• Yield: One 8-inch (20 cm) tart shell

  • Time: 1 hour (including time to blind bake) total

A proper tart shell should be golden brown, uniformly thin, crispy, and have smooth, clean edges. When you bite into it, it should melt in your mouth as you chew. I’m practical when it comes to tart shells. To me, a tart shell must serve a purpose: it should carry as much fresh fruit as possible. During the summer in France, this means a punnet of ripe woodland strawberries—they taste so sweet, they could be candy—arranged on top of a layer of whipped vanilla ganache. I add as many as I can, so there’s not a sliver of ganache visible. A little strawberry jam piped on top deepens the tart’s flavor. 

Note: the photo above shows both vanilla and chocolate sablé tart shells. Directions for the chocolate variant can be found below the main recipe.

LISTEN: World-renowned pastry chef Dominique Ansel proves that everyone can bake


  • 185 grams / 1 1/2 cups all-purpose flour, plus more for dusting

  • 85 grams / 2/3 cup confectioners’ sugar

  • 50 grams / 5 1/4 tablespoons cornstarch

  • 1 gram / 1/4 teaspoon Kosher salt

  • 3 grams / 1/2 Tahitian vanilla bean, split lengthwise, seeds scraped

  • 130 grams / 10 tablespoons unsalted butter, cut into cubes, at room temperature (1 1/4 sticks)

  • 50 grams / 1 large egg


  • 8-inch (20 cm) tart ring or pan

Dominique Ansel holding a cake Everyone Can Bake by Dominique Ansel


1. Make the dough: Combine the flour, confectioners’ sugar, cornstarch, salt, and vanilla seeds in a large bowl. Add the butter and mix with your hands until the butter is broken down into pieces the size of peas and the ingredients are well combined. (Alternatively, use a stand mixer or hand mixer to combine the ingredients.) Add the egg and mix with a spatula until the dough is smooth and the egg is fully incorporated. Don’t overmix.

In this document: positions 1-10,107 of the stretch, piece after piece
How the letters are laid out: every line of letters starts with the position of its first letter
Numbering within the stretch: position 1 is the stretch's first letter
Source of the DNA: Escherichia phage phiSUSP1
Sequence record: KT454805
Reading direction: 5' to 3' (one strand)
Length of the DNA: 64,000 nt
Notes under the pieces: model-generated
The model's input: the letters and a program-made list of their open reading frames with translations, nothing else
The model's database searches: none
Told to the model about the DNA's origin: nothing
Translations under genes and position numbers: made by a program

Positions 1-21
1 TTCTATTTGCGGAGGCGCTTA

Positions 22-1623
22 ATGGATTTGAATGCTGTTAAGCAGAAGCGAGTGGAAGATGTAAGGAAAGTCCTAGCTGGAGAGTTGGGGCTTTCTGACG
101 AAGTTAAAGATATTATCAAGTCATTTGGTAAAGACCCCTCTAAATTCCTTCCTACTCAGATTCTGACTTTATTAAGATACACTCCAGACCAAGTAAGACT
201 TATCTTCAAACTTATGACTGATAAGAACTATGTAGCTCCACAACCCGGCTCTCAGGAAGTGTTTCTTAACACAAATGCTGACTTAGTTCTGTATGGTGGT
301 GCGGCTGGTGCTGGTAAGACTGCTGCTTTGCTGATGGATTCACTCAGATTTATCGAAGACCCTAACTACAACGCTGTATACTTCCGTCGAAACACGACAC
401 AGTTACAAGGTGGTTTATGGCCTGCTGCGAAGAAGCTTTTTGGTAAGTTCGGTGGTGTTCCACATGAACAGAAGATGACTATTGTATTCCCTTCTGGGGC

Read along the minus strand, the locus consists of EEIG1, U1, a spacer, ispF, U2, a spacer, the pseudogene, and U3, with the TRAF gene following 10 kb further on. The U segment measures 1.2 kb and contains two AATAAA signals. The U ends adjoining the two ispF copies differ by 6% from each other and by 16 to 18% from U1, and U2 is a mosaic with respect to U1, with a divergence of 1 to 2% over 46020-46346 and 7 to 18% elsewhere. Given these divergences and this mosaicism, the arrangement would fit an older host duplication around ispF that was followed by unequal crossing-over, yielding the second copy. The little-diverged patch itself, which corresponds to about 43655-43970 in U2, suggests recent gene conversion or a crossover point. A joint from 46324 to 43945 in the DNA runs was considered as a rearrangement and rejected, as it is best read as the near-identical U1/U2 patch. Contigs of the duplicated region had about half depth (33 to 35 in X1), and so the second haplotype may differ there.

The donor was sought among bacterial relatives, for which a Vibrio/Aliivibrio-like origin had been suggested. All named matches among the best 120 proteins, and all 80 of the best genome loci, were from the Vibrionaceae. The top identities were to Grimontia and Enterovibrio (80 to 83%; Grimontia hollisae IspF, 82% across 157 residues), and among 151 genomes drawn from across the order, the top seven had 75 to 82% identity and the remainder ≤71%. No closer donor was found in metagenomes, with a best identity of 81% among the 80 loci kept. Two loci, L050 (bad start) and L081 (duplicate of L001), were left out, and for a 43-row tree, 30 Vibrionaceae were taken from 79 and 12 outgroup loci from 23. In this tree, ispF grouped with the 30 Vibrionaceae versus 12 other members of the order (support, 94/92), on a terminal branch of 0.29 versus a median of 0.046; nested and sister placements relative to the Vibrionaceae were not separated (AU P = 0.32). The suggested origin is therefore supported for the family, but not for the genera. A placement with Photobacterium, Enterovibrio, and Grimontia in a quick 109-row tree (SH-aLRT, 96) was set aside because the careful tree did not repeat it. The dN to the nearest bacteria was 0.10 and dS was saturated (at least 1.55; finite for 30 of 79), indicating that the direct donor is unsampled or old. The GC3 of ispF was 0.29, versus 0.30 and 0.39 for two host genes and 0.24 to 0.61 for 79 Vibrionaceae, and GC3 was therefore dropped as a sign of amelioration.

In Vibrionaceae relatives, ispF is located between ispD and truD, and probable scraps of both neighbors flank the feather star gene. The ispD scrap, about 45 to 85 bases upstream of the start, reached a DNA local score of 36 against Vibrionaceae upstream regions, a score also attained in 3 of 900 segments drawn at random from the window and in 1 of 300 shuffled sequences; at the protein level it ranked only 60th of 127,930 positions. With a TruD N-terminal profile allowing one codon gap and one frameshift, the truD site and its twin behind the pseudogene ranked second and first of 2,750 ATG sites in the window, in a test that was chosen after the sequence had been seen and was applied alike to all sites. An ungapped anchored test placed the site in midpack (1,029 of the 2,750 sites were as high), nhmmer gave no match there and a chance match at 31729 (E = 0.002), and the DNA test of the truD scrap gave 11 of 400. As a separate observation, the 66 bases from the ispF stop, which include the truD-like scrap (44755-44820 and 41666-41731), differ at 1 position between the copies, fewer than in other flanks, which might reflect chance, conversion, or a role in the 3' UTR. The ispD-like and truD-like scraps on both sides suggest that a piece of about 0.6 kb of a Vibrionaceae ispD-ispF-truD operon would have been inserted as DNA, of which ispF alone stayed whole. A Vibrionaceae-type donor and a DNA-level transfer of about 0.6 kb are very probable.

2. Chill the dough: Turn the dough out onto a large piece of plastic wrap and gently shape it into a ball. Wrap the dough in the plastic wrap and flatten it into a disc. Refrigerate for at least 30 minutes or up to overnight, until cold but still pliable. It should have the texture of clay.* (At this point, the dough can be refrigerated or frozen for later use—see Storage.)

* Flattening the dough into a disc will help it chill faster. You’ll want to make sure the dough is cold before rolling it out. Working with dough that’s too warm will cause the tart shell to shrink as it bakes.

3. Preheat the oven: Place a rack in the center of the oven and preheat the oven to 350°F (175°C).

4. Roll out the dough: Flour your work surface and rolling pin. Unwrap the dough and place it on your work surface. Roll it out into a rectangle about 1⁄8 inch (3 mm) thick.* Make sure to work quickly so the dough doesn’t get too warm.

* If you find that your dough is sticking to the rolling pin or work surface, add some more flour. Then roll it out between two sheets of parchment paper. Parchment paper also makes it easier to lift the rolled-out dough onto the sheet pan later on.

5. Shape the dough: Using an 8-inch (20 cm) tart ring or pan as a guide, cut the dough into a round that’s 1 inch (2.5 cm) wider than the ring (this ensures the dough will come up the sides of the tart ring).*

* Don’t throw out your dough scraps! Sprinkle them with cinnamon sugar (I make mine with 3 grams (1 teaspoon) of cinnamon to 100 grams (½ cup) of granulated sugar) and bake them, then enjoy them as buttery sugar cookies or crumbled over your morning yogurt.